Although I have posted a few items already, I thought it might be time to contribute something other than quotations or accounts of my latest most-favorite recording. So, to begin: what's the deal with this blog, and why is music a weapon?
Since the late-nineties, I have been fascinated by the idea of political music, and since the early-oughts have dedicated much of my time to the topic. Many hours have been spent thinking about the numerous problems that arise from the combination of (classical) music and politics/activism, and what to do about it. Can these be effectively combined? If so, how?
In pursuing answers to my questions, I have composed a number of works that could be considered political on some level. I also founded and run an ensemble, which is dedicated to the exploration of these questions. Lastly, and most recently, I am writing my doctoral thesis on the topic. With all of these elements in play, I feel that I am getting closer to an answer—although certainly not the answer—and intend to post to that effect on this blog.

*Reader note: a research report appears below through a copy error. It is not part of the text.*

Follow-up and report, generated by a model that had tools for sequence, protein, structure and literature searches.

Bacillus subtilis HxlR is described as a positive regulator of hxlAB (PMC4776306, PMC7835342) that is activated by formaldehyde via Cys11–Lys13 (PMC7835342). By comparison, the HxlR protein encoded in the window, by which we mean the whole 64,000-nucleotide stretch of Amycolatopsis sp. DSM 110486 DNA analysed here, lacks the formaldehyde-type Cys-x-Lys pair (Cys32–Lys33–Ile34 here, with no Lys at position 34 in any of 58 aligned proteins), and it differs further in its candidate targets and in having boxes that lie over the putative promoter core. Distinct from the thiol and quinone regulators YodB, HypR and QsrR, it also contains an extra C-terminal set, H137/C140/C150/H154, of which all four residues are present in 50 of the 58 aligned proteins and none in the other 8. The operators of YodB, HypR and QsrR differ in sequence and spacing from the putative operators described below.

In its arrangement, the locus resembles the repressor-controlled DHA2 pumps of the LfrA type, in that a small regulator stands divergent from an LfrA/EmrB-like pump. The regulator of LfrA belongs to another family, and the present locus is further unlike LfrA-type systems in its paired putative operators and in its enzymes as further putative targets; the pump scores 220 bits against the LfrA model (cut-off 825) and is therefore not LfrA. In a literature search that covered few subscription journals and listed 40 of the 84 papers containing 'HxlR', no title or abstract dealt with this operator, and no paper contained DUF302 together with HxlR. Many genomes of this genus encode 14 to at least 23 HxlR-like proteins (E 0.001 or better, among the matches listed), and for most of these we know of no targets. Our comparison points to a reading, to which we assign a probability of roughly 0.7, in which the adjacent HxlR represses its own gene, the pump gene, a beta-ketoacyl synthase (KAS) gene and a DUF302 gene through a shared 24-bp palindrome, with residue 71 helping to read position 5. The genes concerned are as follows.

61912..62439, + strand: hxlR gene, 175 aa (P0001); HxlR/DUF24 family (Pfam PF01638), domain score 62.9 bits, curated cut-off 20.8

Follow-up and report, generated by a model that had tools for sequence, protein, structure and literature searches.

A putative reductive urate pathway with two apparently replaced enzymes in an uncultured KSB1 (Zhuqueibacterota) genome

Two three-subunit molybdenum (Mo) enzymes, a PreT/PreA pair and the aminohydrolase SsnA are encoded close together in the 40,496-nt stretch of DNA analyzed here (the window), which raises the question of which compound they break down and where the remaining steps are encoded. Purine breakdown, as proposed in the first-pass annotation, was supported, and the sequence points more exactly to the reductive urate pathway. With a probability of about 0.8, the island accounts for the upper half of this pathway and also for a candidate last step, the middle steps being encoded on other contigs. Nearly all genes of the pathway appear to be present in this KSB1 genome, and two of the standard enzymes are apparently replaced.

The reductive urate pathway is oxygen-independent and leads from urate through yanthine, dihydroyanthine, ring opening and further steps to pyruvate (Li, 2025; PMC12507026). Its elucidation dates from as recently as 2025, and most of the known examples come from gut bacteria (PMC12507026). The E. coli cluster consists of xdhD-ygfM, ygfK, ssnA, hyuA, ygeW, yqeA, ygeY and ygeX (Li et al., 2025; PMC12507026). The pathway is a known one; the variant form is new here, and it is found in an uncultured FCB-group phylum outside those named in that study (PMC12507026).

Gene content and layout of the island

The title of the blog comes from the 1934 Workers' Songbook, which states in its foreword: "Music is a Weapon in the Class Struggle." This saying served as justification/motivation for members of the allegedly failed Composers' Collective [Copland, Seeger, Siegmeister, et al.], and a number of other [Eisler, Wolpe, Dessau] young, left-leaning, fellow-traveling, communist-with-a-little-c composers.
From what one reads, these folks really believed—at least for a time—that music could be a weapon for social change, and composed their music accordingly. Do I agree? We'll get to that.